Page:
Also known as Casa de la Joya it is a stately home of the Medina-Sevilla family located right in the center of the village. This family was part of the bourgeoisie of the time and was dedicated to the export of wine, raisins and nuts. The house was an authentic mansion with more than forty rooms and an interior patio with Doric columns.
The house’s garden, designed by the same person who designed the gardens in Malaga Park, deserves a special mention. It occupied what today is the children’s playground, the clinic, the Almanzor square and the adjacent houses. This house was home to Alfonso XII when he visited the area after the earthquakes that devastated it.
Casa de la Inquisición
It is a three floor building that includes an inner courtyard. Its paintings on the main façade are worth mentioning. In the interior you can see the wooden ceiling of Mudejar origin. From the basement you can enjoy an infinite number of superimposed arches that form galleries and vaults.
The popular tradition tells that it is there where the Court was where the Inquisition carried out its tortures. Throughout history it has suffered a series of vicissitudes. During the Napoleonic invasion it was used as a stronghold and destroyed after being abandoned.
Torrox is an example of the urban model of the Mudejar style towns, with narrow and steep streets, with impossible corners. Lime and flowerpots are the main elements of this type of village on the Malaga coast. Corners decorated with plants that turn the place into an urban garden. Thus, in spring it takes on a spectacular appearance. A luxury addition to the whiteness of their houses, shared with places like Ardales, Casarabonela, Comares, Ronda or Salares. Good examples are the Plazoleta, Plaza de Oriente, Plaza de Barajas, Plaza de la Concordia, Calle Valencia, Calle Calvario, Calle Pósito, Calle Prados, Calle Nerja and Plaza San Roque.
Torrox has nine kilometres of fine sandy beaches and crystalline waters. The beach of El Morche is very remarkable. It has a long seafaring tradition. Thus, the procession of Nuestra Señora del Carmen and its fair is held in August.
Meanwhile, the beach of Ferrara also has the distinction of Blue Flag, SICTED and Q for Quality, where many events and cultural activities take place. Beyond that in the area there are other beaches like El Peñoncillo, Calaceite (homonymous to a town in Teruel), Viches or the Cenicero-Torcasol. Its small coves and beaches with crystalline waters stand out. Thus, it joins Estepona, Manilva, Marbella, Benalmádena or Torremolinos as a perfect place for sun and beach.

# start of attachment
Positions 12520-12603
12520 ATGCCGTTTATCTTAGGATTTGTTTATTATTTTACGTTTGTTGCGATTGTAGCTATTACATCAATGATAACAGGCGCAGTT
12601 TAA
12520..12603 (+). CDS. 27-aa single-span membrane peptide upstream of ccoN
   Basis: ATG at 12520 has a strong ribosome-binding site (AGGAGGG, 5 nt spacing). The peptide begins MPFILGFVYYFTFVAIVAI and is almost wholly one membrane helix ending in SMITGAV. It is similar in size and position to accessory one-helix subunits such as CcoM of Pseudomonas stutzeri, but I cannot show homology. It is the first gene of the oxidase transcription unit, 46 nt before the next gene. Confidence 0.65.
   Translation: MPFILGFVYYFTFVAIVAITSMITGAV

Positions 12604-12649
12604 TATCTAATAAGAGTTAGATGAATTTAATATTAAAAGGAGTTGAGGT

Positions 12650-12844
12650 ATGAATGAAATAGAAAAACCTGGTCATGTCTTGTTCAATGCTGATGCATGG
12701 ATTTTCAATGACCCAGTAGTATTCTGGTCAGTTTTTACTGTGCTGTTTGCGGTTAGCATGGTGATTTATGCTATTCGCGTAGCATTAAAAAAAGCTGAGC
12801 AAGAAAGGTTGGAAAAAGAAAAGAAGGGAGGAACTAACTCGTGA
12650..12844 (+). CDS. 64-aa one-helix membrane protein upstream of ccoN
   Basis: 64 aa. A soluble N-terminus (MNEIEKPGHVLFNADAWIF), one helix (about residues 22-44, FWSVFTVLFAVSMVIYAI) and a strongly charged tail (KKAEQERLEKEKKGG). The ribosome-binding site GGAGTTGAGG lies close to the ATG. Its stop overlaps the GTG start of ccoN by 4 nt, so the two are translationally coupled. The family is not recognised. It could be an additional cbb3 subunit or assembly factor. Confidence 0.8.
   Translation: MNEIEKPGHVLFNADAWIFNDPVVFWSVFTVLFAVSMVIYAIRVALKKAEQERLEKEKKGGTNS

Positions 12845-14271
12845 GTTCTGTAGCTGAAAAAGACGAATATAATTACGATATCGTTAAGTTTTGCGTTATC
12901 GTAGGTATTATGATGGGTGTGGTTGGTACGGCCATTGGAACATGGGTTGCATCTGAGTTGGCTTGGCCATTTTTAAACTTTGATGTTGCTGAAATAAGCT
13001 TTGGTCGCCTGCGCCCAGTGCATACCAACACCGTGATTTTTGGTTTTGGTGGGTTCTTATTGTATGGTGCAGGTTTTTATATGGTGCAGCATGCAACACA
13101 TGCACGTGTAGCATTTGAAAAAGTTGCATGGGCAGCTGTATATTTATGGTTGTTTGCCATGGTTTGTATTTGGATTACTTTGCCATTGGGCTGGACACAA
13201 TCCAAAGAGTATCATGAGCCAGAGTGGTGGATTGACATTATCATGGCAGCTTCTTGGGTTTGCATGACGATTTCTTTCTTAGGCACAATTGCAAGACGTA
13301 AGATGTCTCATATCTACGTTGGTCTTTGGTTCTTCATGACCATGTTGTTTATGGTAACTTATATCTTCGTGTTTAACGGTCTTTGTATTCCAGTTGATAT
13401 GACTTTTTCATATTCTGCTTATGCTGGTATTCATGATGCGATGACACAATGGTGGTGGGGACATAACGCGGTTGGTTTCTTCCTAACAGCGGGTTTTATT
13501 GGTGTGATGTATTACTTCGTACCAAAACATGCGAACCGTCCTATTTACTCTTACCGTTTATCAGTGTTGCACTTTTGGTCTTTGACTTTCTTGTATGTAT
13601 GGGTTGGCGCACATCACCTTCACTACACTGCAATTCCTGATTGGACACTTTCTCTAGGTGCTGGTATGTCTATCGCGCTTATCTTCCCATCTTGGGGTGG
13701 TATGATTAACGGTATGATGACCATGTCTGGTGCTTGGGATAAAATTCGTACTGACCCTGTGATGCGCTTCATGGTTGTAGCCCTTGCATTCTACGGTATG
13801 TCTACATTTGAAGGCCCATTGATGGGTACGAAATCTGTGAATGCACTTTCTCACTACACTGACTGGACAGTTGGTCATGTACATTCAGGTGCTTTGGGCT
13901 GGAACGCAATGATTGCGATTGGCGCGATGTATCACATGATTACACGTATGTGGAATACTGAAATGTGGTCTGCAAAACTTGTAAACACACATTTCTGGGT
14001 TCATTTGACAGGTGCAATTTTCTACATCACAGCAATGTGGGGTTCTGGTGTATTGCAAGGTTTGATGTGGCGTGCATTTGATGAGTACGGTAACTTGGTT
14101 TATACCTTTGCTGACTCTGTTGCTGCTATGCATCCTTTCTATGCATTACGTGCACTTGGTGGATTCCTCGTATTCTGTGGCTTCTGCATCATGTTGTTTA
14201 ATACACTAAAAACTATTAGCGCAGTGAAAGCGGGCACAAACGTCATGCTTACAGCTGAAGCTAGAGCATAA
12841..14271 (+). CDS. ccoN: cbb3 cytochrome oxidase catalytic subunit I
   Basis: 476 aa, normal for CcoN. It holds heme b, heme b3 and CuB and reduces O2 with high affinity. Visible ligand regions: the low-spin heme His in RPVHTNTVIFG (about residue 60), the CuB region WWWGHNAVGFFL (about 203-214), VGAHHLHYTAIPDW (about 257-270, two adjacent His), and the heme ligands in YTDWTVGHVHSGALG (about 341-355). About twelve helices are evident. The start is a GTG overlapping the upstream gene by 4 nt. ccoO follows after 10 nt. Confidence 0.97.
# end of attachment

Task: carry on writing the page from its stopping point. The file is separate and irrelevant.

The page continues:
In addition to all of the above, there are many other notable elements to be seen in Torrox. These range from temples and monasteries to watchtowers that protected the town from pirate attacks. Ruins from ancient Rome and the sugar industry also survive..
Convent and Hermitage of Nuestra Señora de las Nieves
Founded by the Minim Friars of St. Francis in the 16th century. With a Latin cross plan, it consists of a cloister, an interior patio and stables. The chapel is still used for worship today, but the rest is for cultural purposes.
The watchtowers of Torrox
These are towers that are characteristic of this area of the Mediterranean and which watch and warn of possible pirate incursions. The watchtower of Calaceite and the beacon of Güi/Huit are worth mentioning. The mission was to prevent the Berbers from destroying the area and kidnapping the settlers. Part of a plan of Philip II, they extended from Alicante and Murcia to the whole Andalusian coast. In Cádiz for example there are the watchtowers of Conil, Barbate or Chiclana.
Roman Site and Visitors’ Centre of El Faro
Right at the mouth of the River Torrox are the remains of a Roman city that had its great heyday in the first and fourth centuries. As in other places, such as Rincón de la Victoria, it is a villa and salting factory. Other elements can be seen such as an oven, a necropolis and some thermal baths. It was the enclave known as Caviclum, the first settlement of the future Torrox. Among the ruins stands the lighthouse of Torrox from 1864 where the Interpretation Centre of the Roman complex is located.
Sugar factory, the sugar mills
The oldest of all was the Alto de Torrox, which was destroyed at the outbreak of the 1569 rebellion. Later the Melillas began to build the Ingenio Bajo which was called San Rafael and was finished by Pedro de la Barreda.